The twentieth century has ended up with a dark account of violence and of wars all over the world. After the horrors of World War II it seemed that the situation had to change, that it was not possible to continue with the way things were going. Looking back, clearly it was able go on.
Quite a long time ago we commemorated the 50th anniversary of the International Human Rights Declaration. Amnesty International's report for 2001 says that - according to the information they have been able to gather during 2001 - there were extrajudicial executions in 61 countries; people disappeared in 30; torture was common practice in 125; 63 countries had prisoners of conscience; 72 had imprisoned people without bringing charges against them; 1,457 people were executed; and 3,058 more were living on death row.
Andrew Rigby's book is set in this context and he bravely starts the title of his book with the word Justice, a word normally avoided as being contentious in times of transition, when countries face dilemmas and tensions that are a consequence of ethical requirements and political restraints that arise when trying to deal with past human rights abuses.
Justice is also a common demand of the people who have suffered the consequences of war or political repression. Rigby uses a direct language, agile and easy to understand for the academic as well as the activist, and avoids the use of euphemisms. At the same time, he uses lots of quotes that sustain and make vivid his positions and deepen the insights expressed.
He says in his first chapter, “... the past continues to dominate the present, and hence to some degree determines the future.
”How to move on? How to address the past in a constructive future-oriented manner? It seems to be a sign of the times to try to address this dilemma. Hayner asks: `Can a society build a democratic future on a foundation of blind, denied, or forgotten history?' In recent years, virtually every country emerging from a dark history has directly confronted this question.”
Rigby organises his book around the specific patterns followed by governments who come into power after a political change - as a result of the end of a war or a dictatorship - in connection with dealing with the past.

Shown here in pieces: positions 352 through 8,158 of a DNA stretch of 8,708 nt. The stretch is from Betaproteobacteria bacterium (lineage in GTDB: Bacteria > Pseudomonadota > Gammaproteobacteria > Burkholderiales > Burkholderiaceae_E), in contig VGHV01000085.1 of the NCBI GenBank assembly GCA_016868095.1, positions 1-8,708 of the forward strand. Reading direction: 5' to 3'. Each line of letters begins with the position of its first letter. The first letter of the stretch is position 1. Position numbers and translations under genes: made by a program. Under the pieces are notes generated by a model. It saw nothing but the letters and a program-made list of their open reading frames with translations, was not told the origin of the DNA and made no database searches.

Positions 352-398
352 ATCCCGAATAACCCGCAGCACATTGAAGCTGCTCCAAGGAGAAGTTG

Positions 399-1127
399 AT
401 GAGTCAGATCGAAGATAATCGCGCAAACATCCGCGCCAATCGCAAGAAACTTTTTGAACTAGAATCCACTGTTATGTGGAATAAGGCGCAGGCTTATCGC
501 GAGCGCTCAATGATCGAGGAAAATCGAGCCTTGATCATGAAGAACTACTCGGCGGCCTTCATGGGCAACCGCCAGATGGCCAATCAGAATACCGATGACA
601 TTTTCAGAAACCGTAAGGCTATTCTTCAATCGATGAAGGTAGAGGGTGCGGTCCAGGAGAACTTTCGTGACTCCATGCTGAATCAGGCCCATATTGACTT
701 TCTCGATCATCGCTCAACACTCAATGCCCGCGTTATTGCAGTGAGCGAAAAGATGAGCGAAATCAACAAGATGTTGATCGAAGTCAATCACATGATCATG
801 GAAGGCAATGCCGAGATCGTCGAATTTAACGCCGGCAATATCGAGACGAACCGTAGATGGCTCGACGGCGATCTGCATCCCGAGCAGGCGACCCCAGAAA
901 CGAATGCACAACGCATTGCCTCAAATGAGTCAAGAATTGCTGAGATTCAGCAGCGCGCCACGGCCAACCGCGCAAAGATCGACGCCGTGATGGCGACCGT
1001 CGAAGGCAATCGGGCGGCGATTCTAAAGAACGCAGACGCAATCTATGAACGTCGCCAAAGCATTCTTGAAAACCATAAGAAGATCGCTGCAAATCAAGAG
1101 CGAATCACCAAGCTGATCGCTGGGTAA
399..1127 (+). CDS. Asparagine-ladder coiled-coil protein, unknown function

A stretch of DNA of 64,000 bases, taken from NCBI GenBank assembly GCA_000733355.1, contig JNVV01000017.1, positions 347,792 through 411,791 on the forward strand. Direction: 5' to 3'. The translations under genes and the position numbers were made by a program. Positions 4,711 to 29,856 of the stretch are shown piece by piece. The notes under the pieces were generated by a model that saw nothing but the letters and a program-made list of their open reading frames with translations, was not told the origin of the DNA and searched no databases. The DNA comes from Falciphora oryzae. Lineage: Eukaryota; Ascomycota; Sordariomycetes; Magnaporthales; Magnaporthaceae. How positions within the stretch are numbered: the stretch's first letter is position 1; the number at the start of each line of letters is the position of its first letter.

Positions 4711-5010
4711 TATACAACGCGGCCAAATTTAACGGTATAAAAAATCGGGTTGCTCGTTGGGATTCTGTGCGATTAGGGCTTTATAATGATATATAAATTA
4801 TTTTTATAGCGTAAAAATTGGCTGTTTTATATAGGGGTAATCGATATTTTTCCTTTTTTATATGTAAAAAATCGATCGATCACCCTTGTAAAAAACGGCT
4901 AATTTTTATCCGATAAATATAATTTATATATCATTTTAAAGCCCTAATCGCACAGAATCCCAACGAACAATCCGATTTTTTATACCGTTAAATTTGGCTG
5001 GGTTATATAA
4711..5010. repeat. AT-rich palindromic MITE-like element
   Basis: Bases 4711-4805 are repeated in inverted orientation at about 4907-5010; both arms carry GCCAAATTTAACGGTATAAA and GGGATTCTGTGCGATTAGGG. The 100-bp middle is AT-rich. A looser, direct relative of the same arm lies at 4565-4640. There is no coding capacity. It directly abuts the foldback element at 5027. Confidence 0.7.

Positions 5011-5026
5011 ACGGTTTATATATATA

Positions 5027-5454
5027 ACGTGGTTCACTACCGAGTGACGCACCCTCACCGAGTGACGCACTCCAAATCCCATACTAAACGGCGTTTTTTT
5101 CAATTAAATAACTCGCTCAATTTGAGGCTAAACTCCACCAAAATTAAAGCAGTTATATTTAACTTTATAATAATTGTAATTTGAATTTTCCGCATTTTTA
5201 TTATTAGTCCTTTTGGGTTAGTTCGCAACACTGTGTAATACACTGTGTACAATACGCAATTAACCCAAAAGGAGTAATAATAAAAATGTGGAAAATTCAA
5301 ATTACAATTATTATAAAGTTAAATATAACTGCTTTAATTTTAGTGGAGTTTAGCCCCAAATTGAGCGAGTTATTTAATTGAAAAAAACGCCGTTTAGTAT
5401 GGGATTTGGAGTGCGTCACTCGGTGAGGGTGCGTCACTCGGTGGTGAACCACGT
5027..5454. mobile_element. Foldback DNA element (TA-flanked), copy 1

It is interesting the way he describes each method of handling an issue, without taking positions or picking up the pros and cons; he leaves that to the reader and he does not necessarily draw “lessons to be learnt” from each case, as often in books on the topic.
In his classification some experiences are not included, as they do not correspond to the patterns he describes. Initially I wondered why cases like Northern Ireland were not included; though now it is clear to me. This is not a comprehensive book examining all the possible ways of dealing (or of not dealing) with the past, it is an organised presentation of quite clear-cut alternatives, which in turn makes it clear that there is not one simple answer to such complex problems.
The areas he covers include:
- European Purges After WWII;
- Spain: Amnesty and Amnesia;
- Truth and Justice as Far as Possible: The Latin American Experience as seen through Brazil, Uruguay, Chile and Argentina;
- The Post-1989 European “Cleansing” Process;
- South Africa: Amnesty in Return for Truth;
- Palestine: Collaboration and Its Consequences - A Worst-Case scenario and Third Party Intervention.
I would highly recommend the book to anybody interested in the topic as it is easy to read and can connect with personal or familiar experiences.
I have not forgotten that the book is called Justice and Reconciliation, but from my reading, this part is not its strength: it is not the issue that occupies most of the book. My field experience has taught me well: that reconciliation is not a necessary consequence of justice, nor of time as part of the healing process. Indeed we can't even be sure that it is necessary to know the truth in order to advance reconciliation. An examination of these topics would constitute a book in itself.